On October 26th, students from NUCB International College (NIC) located in Japan participated in an online Cultural Exchange programme with students from the Philippines' Singapore School Manila (SSM), which is an IB World school and an accredited Cambridge school in the Philippines. This event provided students an opportunity to share cultures, listen to different perspectives and cross boundaries at a time when international travel has been difficult.
Students shared presentations with one another demonstrating both Japanese and Filipino traditions such as common greetings and phrases - for example ohaiyogozaimasu and magandang umaga, both meaning good morning. They also discussed basic meal etiquettes such as not poking chopsticks into rice in Japan and recommended some of their favourite dishes to each other such as sushi, tonkatsu, adobo and halo-halo.
The students were also given free talk time in breakout rooms where they were then split into smaller discussion groups and had the opportunity to chat about their lives in different countries and share their unique experiences with one another. Many students took this time to speak about their interests and discover commonalities among one another.
One student, Kohei, noted that he was surprised to learn that “Filipino and Tagalog are different languages” and discussed language structure within his breakout room. Another student, Jun, asked the SSM students about their least and most favourite subjects and felt some camaraderie with them over the fact that they had similar tastes and curriculums; both being international schools. In yet another room, Hiroyuki, who is of Japanese and Indonesian descent, marvelled at the fact that not only were the sweets in Indonesia and the Philippines similar but that they also shared certain words between their languages as well such as “selamat”.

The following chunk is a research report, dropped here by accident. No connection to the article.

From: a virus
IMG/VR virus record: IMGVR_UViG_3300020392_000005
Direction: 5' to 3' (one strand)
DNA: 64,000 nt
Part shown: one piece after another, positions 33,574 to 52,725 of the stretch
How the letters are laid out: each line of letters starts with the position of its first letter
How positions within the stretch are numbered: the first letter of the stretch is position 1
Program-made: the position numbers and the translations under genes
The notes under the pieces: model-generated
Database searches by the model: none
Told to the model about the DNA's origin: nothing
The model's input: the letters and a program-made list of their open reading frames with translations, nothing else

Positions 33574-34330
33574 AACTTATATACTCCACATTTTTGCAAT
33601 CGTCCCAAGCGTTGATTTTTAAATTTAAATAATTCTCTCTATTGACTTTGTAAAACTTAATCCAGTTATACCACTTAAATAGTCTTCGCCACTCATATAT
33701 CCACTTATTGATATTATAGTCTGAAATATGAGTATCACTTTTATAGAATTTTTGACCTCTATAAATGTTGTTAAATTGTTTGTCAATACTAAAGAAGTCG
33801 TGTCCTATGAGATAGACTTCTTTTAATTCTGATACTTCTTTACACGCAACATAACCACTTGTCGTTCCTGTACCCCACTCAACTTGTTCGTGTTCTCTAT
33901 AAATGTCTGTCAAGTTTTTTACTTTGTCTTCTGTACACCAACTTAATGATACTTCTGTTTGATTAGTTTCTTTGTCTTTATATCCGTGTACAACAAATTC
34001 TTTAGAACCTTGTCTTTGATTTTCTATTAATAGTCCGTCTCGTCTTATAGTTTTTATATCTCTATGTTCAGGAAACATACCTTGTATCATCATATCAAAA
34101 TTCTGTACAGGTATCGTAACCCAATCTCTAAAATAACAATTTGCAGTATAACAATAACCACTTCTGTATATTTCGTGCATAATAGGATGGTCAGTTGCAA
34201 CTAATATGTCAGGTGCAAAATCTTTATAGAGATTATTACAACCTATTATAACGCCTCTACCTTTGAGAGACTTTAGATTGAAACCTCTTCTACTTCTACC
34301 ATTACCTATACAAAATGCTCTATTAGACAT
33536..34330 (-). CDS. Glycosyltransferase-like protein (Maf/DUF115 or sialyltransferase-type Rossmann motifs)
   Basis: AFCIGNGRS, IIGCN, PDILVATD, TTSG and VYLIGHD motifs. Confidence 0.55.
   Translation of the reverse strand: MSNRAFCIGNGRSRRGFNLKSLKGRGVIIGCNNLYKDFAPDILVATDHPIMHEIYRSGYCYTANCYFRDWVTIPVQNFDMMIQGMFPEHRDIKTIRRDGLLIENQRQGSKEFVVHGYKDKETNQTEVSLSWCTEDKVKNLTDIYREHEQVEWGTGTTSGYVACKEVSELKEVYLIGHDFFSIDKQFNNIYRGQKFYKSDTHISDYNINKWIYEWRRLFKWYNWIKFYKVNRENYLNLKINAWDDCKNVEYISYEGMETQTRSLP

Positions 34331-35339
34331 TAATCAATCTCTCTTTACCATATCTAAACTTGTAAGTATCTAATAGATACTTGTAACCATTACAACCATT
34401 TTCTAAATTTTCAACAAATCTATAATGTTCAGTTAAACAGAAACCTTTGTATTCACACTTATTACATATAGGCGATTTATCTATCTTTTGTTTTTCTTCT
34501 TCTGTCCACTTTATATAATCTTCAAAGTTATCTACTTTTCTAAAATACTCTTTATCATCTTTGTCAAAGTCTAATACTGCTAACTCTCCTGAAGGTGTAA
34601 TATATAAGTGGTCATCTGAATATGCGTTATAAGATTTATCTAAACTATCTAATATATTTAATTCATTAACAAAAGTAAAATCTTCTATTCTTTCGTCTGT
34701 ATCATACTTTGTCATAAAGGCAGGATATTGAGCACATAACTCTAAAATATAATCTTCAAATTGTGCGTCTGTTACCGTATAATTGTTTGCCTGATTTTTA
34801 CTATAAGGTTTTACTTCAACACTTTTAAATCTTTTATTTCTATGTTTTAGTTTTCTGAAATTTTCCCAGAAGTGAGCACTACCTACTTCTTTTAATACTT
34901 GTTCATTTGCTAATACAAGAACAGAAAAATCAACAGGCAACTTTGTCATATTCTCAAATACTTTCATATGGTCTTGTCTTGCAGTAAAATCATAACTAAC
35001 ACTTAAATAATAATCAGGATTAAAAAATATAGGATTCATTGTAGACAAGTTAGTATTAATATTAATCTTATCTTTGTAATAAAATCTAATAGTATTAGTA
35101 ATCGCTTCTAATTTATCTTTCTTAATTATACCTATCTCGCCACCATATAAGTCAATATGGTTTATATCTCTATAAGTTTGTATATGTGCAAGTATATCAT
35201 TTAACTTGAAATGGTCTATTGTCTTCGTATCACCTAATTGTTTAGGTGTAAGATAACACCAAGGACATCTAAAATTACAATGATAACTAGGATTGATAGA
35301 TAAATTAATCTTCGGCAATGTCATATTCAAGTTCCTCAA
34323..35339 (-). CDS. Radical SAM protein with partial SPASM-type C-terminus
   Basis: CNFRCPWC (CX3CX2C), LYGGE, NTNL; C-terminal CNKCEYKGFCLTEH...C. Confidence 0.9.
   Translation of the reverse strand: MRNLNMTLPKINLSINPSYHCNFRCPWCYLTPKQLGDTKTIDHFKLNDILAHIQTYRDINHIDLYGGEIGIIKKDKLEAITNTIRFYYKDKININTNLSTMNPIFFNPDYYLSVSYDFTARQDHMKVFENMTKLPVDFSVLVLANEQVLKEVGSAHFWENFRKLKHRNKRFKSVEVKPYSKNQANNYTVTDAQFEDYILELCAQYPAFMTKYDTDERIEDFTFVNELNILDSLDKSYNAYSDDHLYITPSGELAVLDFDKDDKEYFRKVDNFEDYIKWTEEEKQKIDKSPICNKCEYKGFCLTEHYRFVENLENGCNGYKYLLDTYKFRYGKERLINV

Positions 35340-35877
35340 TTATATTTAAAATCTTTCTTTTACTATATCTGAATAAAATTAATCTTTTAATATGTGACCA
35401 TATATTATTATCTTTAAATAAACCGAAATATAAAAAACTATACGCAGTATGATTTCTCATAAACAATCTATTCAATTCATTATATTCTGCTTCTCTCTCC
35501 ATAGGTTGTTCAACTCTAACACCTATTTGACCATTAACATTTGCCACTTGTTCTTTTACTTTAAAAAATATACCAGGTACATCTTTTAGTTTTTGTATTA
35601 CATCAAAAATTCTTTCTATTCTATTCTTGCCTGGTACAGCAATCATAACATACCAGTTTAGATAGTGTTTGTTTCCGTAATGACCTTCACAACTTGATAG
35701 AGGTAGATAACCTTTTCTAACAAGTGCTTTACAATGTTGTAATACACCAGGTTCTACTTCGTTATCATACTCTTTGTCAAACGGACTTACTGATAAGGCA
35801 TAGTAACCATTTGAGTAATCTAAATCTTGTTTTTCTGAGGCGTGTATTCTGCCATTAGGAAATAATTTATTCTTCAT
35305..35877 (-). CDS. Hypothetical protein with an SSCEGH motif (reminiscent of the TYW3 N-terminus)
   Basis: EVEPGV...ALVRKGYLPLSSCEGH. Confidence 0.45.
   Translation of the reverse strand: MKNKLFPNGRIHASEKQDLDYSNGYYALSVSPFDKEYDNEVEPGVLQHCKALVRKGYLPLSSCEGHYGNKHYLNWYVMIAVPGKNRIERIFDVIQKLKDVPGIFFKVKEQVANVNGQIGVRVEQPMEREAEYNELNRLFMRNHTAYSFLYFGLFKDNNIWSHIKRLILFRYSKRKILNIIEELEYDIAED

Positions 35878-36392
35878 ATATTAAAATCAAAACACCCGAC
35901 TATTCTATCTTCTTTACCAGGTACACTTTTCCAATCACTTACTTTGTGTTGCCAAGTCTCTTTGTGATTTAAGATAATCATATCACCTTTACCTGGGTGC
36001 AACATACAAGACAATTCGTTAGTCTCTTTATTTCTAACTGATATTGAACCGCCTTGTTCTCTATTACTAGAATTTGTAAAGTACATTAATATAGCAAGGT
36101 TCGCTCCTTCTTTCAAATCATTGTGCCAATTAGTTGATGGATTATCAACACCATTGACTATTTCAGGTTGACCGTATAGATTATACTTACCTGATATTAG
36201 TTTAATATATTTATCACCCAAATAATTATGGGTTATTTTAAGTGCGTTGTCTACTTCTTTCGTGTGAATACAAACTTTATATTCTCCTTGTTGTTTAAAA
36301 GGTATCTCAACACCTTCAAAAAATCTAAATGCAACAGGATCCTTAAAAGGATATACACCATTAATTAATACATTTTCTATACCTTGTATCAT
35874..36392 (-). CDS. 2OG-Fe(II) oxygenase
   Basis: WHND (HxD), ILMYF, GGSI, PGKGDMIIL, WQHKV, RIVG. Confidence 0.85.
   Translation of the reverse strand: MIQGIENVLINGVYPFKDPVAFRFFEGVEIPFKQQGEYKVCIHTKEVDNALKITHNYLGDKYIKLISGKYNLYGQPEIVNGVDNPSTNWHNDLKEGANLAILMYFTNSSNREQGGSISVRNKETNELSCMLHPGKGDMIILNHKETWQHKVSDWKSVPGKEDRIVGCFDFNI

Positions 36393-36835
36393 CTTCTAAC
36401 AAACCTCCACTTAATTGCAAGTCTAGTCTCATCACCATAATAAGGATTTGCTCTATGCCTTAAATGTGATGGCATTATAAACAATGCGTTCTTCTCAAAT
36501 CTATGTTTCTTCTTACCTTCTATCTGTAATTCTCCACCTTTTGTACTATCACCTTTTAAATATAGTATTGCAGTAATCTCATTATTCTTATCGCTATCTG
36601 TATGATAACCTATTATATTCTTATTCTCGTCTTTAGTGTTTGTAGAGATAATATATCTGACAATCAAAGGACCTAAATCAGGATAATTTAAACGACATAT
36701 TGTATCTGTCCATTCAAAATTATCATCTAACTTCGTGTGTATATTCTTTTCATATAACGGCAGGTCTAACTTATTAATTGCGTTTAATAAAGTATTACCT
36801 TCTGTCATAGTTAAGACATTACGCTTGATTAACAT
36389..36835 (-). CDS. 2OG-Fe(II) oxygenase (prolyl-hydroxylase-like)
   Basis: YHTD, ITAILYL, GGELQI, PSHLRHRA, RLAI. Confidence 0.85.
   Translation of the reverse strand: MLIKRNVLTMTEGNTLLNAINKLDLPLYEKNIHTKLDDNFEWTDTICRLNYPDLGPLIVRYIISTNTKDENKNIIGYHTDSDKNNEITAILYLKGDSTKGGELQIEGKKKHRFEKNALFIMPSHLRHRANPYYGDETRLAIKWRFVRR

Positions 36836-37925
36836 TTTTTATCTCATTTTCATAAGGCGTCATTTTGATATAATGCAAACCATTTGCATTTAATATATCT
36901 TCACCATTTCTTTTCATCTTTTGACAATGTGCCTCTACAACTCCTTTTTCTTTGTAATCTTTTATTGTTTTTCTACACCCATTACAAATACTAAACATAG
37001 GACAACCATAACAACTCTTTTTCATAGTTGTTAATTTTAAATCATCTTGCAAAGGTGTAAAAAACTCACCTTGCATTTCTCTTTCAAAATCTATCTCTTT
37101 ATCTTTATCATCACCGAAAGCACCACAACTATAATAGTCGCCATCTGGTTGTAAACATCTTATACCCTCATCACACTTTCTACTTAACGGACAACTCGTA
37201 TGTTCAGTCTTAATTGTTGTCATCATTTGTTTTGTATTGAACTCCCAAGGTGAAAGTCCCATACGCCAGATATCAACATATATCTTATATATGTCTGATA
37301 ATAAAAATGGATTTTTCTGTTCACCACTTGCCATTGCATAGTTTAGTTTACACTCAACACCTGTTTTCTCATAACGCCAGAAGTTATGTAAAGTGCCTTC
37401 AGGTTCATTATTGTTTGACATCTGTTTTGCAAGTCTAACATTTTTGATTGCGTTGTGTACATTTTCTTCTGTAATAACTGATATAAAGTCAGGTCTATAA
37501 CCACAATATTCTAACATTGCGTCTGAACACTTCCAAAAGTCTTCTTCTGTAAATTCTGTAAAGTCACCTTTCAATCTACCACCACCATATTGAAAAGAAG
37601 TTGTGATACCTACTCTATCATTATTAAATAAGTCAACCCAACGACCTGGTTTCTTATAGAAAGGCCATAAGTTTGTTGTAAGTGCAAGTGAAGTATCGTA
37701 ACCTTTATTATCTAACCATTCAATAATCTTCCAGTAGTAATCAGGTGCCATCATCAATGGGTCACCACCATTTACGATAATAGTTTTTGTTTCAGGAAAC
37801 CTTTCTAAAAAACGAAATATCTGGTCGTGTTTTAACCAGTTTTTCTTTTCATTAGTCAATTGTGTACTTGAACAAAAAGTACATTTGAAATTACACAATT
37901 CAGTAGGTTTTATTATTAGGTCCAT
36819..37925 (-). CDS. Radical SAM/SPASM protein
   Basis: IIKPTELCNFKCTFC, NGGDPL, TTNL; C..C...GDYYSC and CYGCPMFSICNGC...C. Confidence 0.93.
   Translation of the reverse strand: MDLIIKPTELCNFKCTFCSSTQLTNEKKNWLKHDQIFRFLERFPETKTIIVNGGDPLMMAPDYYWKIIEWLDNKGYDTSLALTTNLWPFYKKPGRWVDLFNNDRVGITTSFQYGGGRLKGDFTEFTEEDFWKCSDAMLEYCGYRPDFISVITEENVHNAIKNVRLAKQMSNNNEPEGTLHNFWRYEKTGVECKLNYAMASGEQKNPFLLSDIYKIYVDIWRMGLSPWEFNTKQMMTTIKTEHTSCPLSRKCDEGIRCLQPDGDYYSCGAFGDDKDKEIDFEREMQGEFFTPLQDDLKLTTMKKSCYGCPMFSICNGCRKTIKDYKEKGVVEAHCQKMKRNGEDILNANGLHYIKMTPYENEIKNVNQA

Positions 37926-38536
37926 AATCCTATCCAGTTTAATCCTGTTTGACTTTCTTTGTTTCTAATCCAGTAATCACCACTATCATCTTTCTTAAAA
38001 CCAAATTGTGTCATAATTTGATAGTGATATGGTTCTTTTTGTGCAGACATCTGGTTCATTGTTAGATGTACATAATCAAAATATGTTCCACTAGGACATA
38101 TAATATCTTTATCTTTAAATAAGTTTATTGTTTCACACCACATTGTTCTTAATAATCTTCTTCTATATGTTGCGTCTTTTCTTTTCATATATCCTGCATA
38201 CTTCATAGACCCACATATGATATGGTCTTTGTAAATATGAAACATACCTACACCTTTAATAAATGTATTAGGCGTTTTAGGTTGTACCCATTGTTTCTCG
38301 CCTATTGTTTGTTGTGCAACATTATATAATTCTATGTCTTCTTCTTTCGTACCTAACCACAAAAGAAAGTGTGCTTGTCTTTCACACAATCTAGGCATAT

This experience allowed NIC students to become more globally aware and encouraged them to forge global connections with others from diverse backgrounds. This also aligns with NIC’s engagement in the International Baccalaureate’s Diploma Programme where international mindedness is a key component in cultivating students as global citizens of their society and future.
Students at NIC learn primarily through the case method: a leadership education method practised at Harvard University and other top academic institutions around the world. The case method cultivates not only academic proficiency through critical thinking and analysis but also leadership skills that will be highly useful in our increasingly multicultural and diverse society. Classes are conducted in small groups of up to 25 students, all of whom are taught by multinational faculty members with master's or doctoral degrees, alongside faculty members from affiliated business schools. NIC also offers a Summer School for interested students and a preparatory Bridging Programme for prospective students entering high school.